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At this point in the SESTApocalypse, as I finally emerge from the paralyzing fog of wtf-wtf-wtf around the death of our business model, we’re all sick of thinking and talking about it. We’re sick of wondering how the hell we’re going to manage, sick of watching high-end workers become paranoiac internet security experts, sick of low-end workers being driven back to the streets. We’re sick unto death of the media requests, media requests in our inboxes but no money, media requests just as blithely uncaring about outing us as always, media requests which cheerfully expect a response that night before the news cycle stops giving a shit about hookers. (Oh, but could you connect us to someone even more abjectly fucked than you? Could they talk to us in between dodging assault as they re-acclimate themselves to the shittiest and most dangerous sort of desperate street-based work? How do you feel about your imminent impoverishment, the obsolescence of your only survival mechanism, and your bleak and possibly nonexistent future?) And when we do accept these media requests and bravely strive to make ourselves understood—when they don’t just quote our snarky emails refusing the most ignorant ones without our permission—we’re sick of the coverage that results, always appearing underneath that sickeningly familiar synecdoche for us, those disembodied legs in thigh high boots leaning over a car under a streetlight.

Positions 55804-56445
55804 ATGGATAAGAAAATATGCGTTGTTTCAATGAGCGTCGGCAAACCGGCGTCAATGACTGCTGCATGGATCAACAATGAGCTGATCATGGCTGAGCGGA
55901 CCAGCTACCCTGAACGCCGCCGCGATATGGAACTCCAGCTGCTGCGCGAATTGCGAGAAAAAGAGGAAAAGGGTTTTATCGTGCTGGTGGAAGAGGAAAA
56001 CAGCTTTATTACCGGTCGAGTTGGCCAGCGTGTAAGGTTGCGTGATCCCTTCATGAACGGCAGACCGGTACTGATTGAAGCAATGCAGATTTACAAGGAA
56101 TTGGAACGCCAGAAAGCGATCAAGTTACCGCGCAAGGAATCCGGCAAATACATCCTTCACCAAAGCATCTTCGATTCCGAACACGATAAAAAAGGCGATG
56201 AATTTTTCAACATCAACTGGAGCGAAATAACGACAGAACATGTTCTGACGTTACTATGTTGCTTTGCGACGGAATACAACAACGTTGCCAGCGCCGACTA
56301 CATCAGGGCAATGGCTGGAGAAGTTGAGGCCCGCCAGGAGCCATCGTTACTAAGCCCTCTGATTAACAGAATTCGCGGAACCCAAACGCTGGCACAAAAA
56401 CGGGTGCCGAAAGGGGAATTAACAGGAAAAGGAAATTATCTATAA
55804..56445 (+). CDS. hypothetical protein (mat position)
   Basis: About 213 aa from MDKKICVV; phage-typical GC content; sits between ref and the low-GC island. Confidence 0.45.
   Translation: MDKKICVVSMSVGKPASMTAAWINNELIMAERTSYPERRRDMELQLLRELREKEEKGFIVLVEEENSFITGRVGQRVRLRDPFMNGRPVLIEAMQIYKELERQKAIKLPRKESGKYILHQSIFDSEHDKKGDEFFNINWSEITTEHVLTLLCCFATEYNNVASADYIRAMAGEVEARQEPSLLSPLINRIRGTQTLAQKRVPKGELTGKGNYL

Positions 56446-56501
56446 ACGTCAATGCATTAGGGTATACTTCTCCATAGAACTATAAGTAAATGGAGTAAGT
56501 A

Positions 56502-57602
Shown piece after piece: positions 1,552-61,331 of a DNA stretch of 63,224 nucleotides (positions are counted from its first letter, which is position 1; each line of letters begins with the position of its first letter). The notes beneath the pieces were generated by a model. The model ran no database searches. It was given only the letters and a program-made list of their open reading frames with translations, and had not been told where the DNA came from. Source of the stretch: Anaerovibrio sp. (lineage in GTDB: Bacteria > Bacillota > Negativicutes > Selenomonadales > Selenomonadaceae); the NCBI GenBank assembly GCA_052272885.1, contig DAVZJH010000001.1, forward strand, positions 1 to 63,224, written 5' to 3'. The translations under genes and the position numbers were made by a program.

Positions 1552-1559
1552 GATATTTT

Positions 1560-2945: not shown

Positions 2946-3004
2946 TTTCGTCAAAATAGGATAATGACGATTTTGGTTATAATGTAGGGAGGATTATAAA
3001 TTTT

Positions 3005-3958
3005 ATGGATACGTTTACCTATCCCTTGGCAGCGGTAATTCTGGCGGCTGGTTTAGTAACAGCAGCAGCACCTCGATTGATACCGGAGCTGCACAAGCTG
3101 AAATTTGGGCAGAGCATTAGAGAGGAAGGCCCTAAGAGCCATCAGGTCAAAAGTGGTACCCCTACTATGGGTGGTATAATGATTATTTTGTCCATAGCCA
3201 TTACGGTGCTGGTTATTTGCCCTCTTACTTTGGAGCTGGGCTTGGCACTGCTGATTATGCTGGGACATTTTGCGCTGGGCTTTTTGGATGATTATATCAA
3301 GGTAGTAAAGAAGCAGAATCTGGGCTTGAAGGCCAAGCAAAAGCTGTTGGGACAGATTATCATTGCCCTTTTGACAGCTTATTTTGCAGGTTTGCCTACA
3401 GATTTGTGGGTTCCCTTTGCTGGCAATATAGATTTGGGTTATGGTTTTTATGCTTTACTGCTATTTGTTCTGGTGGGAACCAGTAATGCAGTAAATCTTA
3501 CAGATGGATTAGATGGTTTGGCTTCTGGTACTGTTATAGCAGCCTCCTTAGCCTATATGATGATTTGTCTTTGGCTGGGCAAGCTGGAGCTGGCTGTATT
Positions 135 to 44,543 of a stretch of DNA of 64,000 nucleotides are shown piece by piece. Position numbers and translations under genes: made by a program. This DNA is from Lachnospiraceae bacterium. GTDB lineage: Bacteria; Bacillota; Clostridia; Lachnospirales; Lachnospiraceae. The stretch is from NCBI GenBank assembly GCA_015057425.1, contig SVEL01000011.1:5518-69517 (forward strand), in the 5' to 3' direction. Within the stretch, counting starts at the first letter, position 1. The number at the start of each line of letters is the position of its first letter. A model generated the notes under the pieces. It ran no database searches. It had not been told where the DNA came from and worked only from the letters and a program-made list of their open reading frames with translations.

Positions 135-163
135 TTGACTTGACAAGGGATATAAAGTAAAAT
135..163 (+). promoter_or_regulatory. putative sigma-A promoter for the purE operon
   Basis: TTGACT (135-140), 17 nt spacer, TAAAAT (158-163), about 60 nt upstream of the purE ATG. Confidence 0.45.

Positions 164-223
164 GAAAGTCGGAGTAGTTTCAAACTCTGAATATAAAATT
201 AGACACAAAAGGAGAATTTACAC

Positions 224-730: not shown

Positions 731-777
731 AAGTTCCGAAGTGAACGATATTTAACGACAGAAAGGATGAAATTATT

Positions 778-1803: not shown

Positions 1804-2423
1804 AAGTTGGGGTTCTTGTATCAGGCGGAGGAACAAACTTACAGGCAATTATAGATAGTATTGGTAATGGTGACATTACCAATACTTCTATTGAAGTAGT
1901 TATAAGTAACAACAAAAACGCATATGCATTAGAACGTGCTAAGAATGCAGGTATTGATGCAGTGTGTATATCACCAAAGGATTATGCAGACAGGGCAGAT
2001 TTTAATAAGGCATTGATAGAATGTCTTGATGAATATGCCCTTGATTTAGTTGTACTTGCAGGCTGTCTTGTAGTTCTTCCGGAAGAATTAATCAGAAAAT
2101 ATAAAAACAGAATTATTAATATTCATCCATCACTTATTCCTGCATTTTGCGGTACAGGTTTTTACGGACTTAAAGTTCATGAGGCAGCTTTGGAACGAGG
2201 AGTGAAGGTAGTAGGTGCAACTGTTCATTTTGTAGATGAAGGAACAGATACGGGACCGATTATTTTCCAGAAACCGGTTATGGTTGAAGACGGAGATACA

We’re understandably sick of it all as we attempt to keep body and soul together in this new landscape, but I feel I have to write a eulogy for Backpage.

Alas, poor fucking Backpage. I’m not crying any crocodile tears on your grave—your owners can sit and stew in the hundred charges in their indictments and take that instead of true justice for cynically profiting off a criminalized population—but I will lament what you meant for us.

We’ve lived with you under threat for so long, your demise hardly feels real. From innumerable lawsuits to credit card companies cutting ties with you to Senate hearings to your flagrant strikes for free speech, it seems like something has always been promising to put an end to you. But you persisted.

Personally, I was with Backpage from its murky beginnings to the end of the line. I advertised in a print ad in the back of an alternative weekly back in the aughts when Backpage founders Michael Lacey and Jim Larkin’s company, Village Voice Media, owned a large swathe of those weeklies. I paid $200 every two weeks for that ad, $160 for a week if I couldn’t manage to put together that $200. $200 for 100 characters, briefer than a tweet—no pictures. I had to walk into that newspaper office personally to deliver the cash, forget any concerns about outing (oh, yes, kids, and I walked uphill in the snow, both ways).